20 Of Hip-Hop’s Most Essential Double Albums

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  • album art
    In the second half of the 1990s, some of the genre’s most prominent rappers began releasing double albums. It’s a trend that worked for some and failed for others, and soon faded away, especially as singles and ringtones began to dominate the sales charts. These days, thanks to a combination, most likely, of listeners’ inadequate attention spans, labels’ disinterest in paying increased publishing for more tracks, and other factors, double albums are a rarity—or at least they'd seemed to be. The first few months of 2014 have seen three rappers announce upcoming double albums: <a title="clan" href="http://www.xxlmag.com/news/2014/03/wu-tang-clan-selling-one-copy-new-secret-album-1m/" target="_blank">Wu-Tang Clan's "secret" LP</a> that they'll be auctioning off for millions; Blu's followup to last year's <em>No York!</em>, to be <a title="blu" href="http://www.xxlmag.com/news/2014/04/blu-releasing-new-album-may/" target="_blank">titled <em>Good To Be Home</em></a>; and Lil Boosie's comeback LP since his release from prison, <em>Touchdown 2 Cause Hell</em>, which he boasted yesterday would be the <a title="tupac" href="http://www.xxlmag.com/news/2014/05/lil-boosie-says-touchdown-2-cause-hell-best-double-disc-album-since-tupac/" target="_blank">best double album since Tupac's <em>All Eyez On Me</em></a> in 1996.<br /><br />It's incredibly tough to make it through two entire discs from any artist without having a fan's attention waver, which is why there are so few truly great ones in the canon. But with double albums seeming like they may make a comeback, <em>XXL</em> has compiled 20 essential hip-hop double albums, from 'Pac to Biggie to Nas. Double up. —<em>XXL Staff</em>
  • Fresh Prince Jazzy Jeff
    <b>Album:</b> <em>He's The DJ, I'm The Rapper</em><br /><b>Artist:</b> DJ Jazzy Jeff & The Fresh Prince<br /><b>Release Date:</b> March 29, 1988<br /><b>Length:</b> 85:10<br /><b>Number Of Tracks:</b> 27<br /><b>Double Album Worthy?:</b> Yes. The hip-hop pioneers were first to bring the double disc format to a rap release with this early project. Though not particularly lengthy, in its initial form as a vinyl release, the project was the first double disc in hip-hop history.
  • 2Pac All Eyez On Me
    <b>Album:</b> <em>All Eyez On Me</em><br /><b>Artist:</b> 2Pac<br /><b>Release Date:</b> February 13, 1996<br /><b>Length:</b> 132:18<br /><b>Number Of Tracks:</b> 27<br /><b>Double Album Worthy?:</b> Yes. The album was released during a fever pitch of ’Pac’s popularity, and only served to add to his idol, spawning a number of hits and serving as the last release before he was murdered.
  • the notorious big life after death
    <b>Album:</b> <em>Life After Death</em><br /><b>Artist:</b> The Notorious B.I.G.<br /><b>Release Date:</b> March 25, 1997<br /><b>Length:</b> 109:12<br /><b>Number Of Tracks:</b> 24<br /><b>Double Album Worthy?:</b> Yes. Big’s final opus is widely regarded as one of the greatest rap albums of all time, and saw him taking more risks while maintaining a scarily-high level of rapping skills and flows throughout each of the album's 24 tracks.
  • wu-tang forever
    <b>Album:</b> <em>Wu-Tang Forever</em><br /><b>Artist:</b> Wu-Tang Clan<br /><b>Release Date:</b> June 3, 1997<br /><b>Length:</b> 112:06<br /><b>Number Of Tracks:</b> 27<br /><b>Double Album Worthy?:</b> Yes. After a near four-year hiatus that included a string of solo efforts, the entire Clan got back together for this sophomore offering. The release was critically and commercially successful, and earned the Killa Bees a Grammy nomination for Best Rap Album in 1998.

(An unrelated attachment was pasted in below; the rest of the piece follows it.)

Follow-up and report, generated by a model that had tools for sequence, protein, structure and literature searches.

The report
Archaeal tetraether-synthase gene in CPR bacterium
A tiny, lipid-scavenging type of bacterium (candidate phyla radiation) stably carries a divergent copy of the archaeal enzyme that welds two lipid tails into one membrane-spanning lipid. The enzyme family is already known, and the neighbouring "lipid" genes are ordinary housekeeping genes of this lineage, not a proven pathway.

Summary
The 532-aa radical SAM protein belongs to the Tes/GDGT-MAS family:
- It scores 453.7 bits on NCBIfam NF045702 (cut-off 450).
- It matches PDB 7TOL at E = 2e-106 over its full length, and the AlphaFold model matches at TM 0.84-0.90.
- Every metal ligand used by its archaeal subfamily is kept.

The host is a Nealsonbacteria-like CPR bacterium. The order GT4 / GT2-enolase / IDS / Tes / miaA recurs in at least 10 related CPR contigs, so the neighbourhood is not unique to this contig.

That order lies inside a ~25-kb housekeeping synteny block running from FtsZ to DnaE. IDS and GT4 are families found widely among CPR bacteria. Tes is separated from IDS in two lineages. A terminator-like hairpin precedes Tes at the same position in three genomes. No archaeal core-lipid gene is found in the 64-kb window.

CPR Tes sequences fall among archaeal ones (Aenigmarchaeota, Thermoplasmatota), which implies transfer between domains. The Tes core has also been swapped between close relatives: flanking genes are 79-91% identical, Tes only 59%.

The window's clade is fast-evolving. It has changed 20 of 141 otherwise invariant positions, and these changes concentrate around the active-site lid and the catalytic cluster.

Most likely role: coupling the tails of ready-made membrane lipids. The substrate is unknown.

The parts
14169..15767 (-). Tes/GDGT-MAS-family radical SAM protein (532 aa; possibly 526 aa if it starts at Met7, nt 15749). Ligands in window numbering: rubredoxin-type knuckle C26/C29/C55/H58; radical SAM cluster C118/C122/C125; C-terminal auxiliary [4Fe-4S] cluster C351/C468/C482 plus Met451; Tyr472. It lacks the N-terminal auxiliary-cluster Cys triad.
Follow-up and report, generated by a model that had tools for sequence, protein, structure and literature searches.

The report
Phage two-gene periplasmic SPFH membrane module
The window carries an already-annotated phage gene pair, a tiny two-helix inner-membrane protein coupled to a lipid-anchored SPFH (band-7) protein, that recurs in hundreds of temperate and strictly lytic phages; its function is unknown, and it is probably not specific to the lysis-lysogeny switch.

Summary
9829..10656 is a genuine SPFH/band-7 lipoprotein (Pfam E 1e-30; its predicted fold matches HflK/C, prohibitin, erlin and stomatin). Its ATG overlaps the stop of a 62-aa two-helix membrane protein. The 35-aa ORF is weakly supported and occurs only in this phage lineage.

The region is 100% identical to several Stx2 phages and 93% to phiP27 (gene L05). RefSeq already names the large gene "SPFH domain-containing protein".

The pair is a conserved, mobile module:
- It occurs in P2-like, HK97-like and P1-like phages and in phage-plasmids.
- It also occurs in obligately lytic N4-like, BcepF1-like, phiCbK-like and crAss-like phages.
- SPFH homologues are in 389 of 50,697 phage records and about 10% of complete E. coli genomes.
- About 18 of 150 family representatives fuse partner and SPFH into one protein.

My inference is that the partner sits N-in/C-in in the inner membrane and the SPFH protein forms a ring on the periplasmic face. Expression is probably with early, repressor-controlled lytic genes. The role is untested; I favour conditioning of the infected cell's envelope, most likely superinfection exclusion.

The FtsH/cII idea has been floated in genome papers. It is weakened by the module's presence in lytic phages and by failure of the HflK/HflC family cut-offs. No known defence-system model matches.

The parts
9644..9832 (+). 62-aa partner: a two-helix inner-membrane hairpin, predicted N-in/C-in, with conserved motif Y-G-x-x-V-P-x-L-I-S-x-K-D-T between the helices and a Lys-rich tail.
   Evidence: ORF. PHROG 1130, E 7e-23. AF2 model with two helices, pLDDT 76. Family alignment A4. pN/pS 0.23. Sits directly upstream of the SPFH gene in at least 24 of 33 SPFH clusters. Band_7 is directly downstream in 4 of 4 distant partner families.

• bone thugs harmony art of war
    <b>Album:</b> <em>The Art Of War</em><br /><b>Artist:</b> Bone Thugs-N-Harmony<br /><b>Release Date:</b> July 29, 1997<br /><b>Length:</b> 121:14<br /><b>Number Of Tracks:</b> 28<br /><b>Double Album Worthy?:</b> No. Any album that is over two hours is probably going to be a bit much to digest; this fell in that category. The project still had its peaks, and is a solid peg in the catalog of one of the greatest groups ever to share the mic, but couldn’t quite touch the breakout <em>E. 1999 Eternal</em>.
  • Scarface My Homies
    <b>Album:</b> <em>My Homies</em><br /><b>Artist:</b> Scarface<br /><b>Release Date:</b> March 3, 1998<br /><b>Length:</b> 136:33<br /><b>Number Of Tracks:</b> 30<br /><b>Double Album Worthy?:</b> No. Sandwiched in between 1997's <em>The Untouchable</em> and 2000's <em>The Last Of A Dying Breed</em>—two fantastic albums—this one was too unfocused and repetitive to warrant its 30 tracks and grueling two-plus hour duration.
  • eightball lost
    <b>Album:</b> <em>Lost</em><br /><b>Artist:</b> Eightball<br /><b>Release Date:</b> May 19, 1998<br /><b>Length:</b> 115:27<br /><b>Number Of Tracks:</b> 26<br /><b>Double Album Worthy?:</b> No. Everyone was delving into double discs in this era, but losing his partner in rhyme MJG and <em>then</em> deciding to double his output on his debut solo album was not the wisest choice for the Memphis OG. Packaged with a bonus third disc of bonus sampler cuts from a slew of artists, it proved overwhelming for even Ball's most die-hard fans.
  • master p da last don
    <b>Album:</b> <em>MP Da Last Don</em><br /><b>Artist:</b> Master P<br /><b>Release Date:</b> June 2, 1998<br /><b>Length:</b> 106:29<br /><b>Number Of Tracks:</b> 29<br /><b>Double Album Worthy?:</b> No. Though this was Master P’s best-selling album of all time, it wasn’t necessarily his strongest musically. The project featured some four dozen guest verses for its 29 tracks, and though there were certainly some bangers on there, not everything was for keeps.
  • nate dogg g-funk classics
    <b>Album:</b> <em>G-Funk Classics Vol. 1 & 2</em><br /><b>Artist:</b> Nate Dogg<br /><b>Release Date:</b> July 21, 1998<br /><b>Length:</b> 133:24<br /><b>Number Of Tracks:</b> 31<br /><b>Double Album Worthy?:</b> Yes and no. It was fantastic to finally get a full Nate Dogg project—especially after this, his debut, had been put on the shelf for two years due to drama at Death Row—and it's great to be able to go back through hidden gems from the greatest hook-maker that hip-hop has ever seen. But as a cohesive project, it makes little sense. It didn't hurt Nate Dogg's career, of course, because as long as Dre, Snoop and, later, Eminem and 50 Cent, were all at the top of the rap game, he wasn't going anywhere.
  • E 40 Element Of Surprise